It’s been like running a marathon this Christmas and New Year – cooking, eating, cooking and eating again. Then, with the spike in heat and humidity in Sydney lately, it’s hard to get the enthusiasm to cook or eat anything. With the weather like this, you really appreciate the genius of Vietnamese food, which is all about freshness and, with its irresistible combination of spicy, sweet and sour flavours, seems to have a restorative effect when the hot and sticky weather hits.
The banh mi roll is a Vietnamese/French flavour fusion in a baguette. It’s basically a herb and salad roll made traditionally with pork pate and sliced meat but with this vegetarian version with marinated tofu slices, you don’t feel like your missing anything. In fact, the lightness of the tofu seems like a positive. Sydney seems to be slightly obsessed with banh mi at the moment – my local shopping strip seems to have about half a dozen bakeries hawking some version of Vietnamese pork roll. Don’t be put off by the meaty advertising – most shops offer some kind vegetarian version. Rolls on Oxford in Darlinghurst even has a rather deluxe vego version featuring vegan meat and pate but even my simpler local offerings, with the cheese, salad, fresh herbs and dressing, are pretty bloody delicious.
Since I discovered how easy it was to make a vegetarian version of these rolls at home, I’ve gone on a bit of a banh mi bender and have been making them quite a lot recently. They are great for feeding a crowd – just gather together all the fixings and let people assemble their own rolls to taste. There are a few essentials for making banh mi at home – you need some kind of vegetarian protein. I generally go for a marinated tofu but fried tempeh is also good. The Hoisin barbecued tofu steaks I posted last year work really well, as does the quick carrot and cucumber pickle which gives a not so authentic but a very complementary lift to your banh mi. The last few times I’ve made banh mi though, I’ve used Deborah Madison’s sesame marinade, which is a lovely light alternative to the heavier Hoisin marinade.
Once you’ve got your protein sorted, you’ve got to prepare your fixings. Good mayonnaise is essential. You can make your own but I generally use the Japanese Kewpie mayonnaise, which comes in a handy squeeze bottle (which is great if you’re assembling a banh mi buffet and feeding the masses). FInely sliced green onions, cucumber batons, shredded carrot (preferably lightly pickled in brine – see recipe below) and fresh herbs, coriander, Vietnamese mint, basil, or a combination of all three are all good. You can stop there but I generally add some iceberg lettuce for extra crunch and some deep fried shallots for extra texture … and if I’m in the mood, some Dijon mustard (just to up the French influence in lieu of the pate). The final addition is a drizzle of Maggi seasoning or soy sauce for a that final umami spike of flavour. And there you have it – the perfect summer time vegetarian barbecue.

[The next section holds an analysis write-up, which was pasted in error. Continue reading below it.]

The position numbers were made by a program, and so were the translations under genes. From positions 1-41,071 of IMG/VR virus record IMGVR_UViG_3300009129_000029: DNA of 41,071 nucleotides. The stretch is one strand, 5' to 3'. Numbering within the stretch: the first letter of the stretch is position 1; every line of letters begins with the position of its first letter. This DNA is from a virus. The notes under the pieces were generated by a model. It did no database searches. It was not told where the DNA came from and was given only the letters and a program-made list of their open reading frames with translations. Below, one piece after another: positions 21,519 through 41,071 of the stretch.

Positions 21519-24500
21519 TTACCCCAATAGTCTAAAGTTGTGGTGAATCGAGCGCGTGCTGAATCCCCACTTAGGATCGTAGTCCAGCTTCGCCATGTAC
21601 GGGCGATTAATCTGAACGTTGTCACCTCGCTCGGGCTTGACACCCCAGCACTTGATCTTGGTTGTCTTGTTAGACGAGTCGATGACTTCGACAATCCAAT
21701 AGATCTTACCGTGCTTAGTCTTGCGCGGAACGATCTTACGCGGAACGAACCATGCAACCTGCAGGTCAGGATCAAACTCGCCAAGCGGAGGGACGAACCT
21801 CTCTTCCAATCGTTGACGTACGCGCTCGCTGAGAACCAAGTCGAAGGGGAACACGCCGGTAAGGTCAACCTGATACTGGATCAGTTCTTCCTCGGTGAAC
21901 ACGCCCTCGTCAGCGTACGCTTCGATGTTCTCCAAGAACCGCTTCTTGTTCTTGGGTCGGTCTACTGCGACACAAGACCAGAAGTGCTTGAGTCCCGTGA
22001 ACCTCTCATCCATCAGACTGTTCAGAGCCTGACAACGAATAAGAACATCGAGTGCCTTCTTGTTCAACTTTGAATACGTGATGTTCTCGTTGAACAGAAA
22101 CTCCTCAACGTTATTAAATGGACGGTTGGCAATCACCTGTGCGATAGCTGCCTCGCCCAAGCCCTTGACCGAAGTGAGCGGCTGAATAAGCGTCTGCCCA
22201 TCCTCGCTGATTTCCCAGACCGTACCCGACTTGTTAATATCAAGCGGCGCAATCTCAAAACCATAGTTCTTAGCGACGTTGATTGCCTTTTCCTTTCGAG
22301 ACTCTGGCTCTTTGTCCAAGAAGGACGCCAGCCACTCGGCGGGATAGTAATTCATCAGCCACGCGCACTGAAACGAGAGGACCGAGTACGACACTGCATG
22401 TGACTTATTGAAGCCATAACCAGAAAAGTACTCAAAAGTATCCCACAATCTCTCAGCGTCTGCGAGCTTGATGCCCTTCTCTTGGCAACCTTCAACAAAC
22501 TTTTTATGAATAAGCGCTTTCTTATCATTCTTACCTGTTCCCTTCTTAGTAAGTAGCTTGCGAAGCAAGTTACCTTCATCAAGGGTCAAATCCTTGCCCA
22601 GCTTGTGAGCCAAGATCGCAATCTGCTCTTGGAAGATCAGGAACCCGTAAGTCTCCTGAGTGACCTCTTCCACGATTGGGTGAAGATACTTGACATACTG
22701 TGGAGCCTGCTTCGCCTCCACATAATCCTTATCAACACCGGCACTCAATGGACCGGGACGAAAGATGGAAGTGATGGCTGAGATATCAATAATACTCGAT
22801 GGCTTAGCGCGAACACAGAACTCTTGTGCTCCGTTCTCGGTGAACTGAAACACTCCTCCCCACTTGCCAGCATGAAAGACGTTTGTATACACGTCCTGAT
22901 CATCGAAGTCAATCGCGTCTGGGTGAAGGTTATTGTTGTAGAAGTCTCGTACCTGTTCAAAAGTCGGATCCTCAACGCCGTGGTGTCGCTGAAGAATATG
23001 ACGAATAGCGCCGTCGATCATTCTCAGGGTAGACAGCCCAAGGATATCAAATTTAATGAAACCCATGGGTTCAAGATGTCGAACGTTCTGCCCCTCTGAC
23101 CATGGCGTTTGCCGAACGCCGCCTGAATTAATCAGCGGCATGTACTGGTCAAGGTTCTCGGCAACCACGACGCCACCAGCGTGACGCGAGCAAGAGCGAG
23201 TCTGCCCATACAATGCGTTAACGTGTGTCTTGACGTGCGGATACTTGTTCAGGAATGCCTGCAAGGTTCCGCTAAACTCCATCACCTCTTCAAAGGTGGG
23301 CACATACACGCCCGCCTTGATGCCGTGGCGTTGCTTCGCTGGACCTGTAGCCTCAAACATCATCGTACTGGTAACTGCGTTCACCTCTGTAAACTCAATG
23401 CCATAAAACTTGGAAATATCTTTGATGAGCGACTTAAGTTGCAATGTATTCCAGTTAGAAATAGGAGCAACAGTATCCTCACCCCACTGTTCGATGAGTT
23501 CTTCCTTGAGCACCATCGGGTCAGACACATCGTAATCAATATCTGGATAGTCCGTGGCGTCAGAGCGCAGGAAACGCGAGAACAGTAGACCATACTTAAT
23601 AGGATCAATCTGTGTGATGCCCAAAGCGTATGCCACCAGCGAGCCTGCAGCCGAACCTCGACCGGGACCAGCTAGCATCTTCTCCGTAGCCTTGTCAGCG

Vegetarian Banh mi
Marinated sesame tofu
You can use this marinade as a sauce for noodles, or a marinade for vegetables or tofu.
- 2 tablespoons light sesame oil (I generally use macadamia or light olive oil)
- 1 tablespoon dark sesame oil
- ¼ cup of soy sauce
- 5 teaspoons balsamic or rice wine vinegar
- 1½ tablespoons sugar, or to taste
- ½ teaspoon chilli flakes
- 2 tablespoons chopped scallions
- 1½ tablespoons chopped coriander
- Roughly chopped coriander and toasted sesame seeds to garnish
- Whisk together all ingredients, adjust for taste and sweetness.
- If using to marinate tofu – slice a 750 gram packet of firm tofu into 1 cm slices. Marinate in container turning and rotating the tofu occasionally for at least two hours. The tofu can also be marinated overnight.
- Saute in a heated cast iron pan or on barbecue grill in a little light vegetable or olive oil.
Pickled shredded carrot
Adapted from the Traveller’s Lunchbox
- 2 cups of warm water
- ½ cup of rice or white vinegar
- 3–4 tablespoons of sugar
- 1 tablespoon salt
- 500 grams of peeled and shredded carrot or ½ shredded carrot and half shredded daikon
- In a Tupperware container, dissolve sugar, salt in warm water and vinegar. Adjust salt and sugar if you want it a little more salty or sweet.
- Place carrot in water and let rest for at least an hour. Drain carrot and use for sandwiches. Any leftover carrot can be kept in the brine for up to two weeks.
Basic banh mi
- 8 crusty Vietnamese style baguettes
- Marinated tofu sliced thinly
- Shredded carrot (picked or plain)
- 1 Lebanese cucumber, halved and cut into long thin batons
- 1 red chilli halved and sliced thinly
- Roughly chopped coriander or Vietnamese mint or basil or combination of herbs
- Mayonnaise (use a good vegan mayonnaise if you are catering for vegans)
- Some finely shredded green onions
- Iceberg lettuce (optional)
- Deep fried shallots (optional)
- Maggi seasoning or soy sauce to drizzle on at the end
- Split baguettes into half and slather with mayonnaise.
- Layer on tofu, then shredded carrot garnish with sliced green onions, herbs and sliced red chilli.
- Drizzle with a little Maggi seasoning or soy sauce for a final unami spike.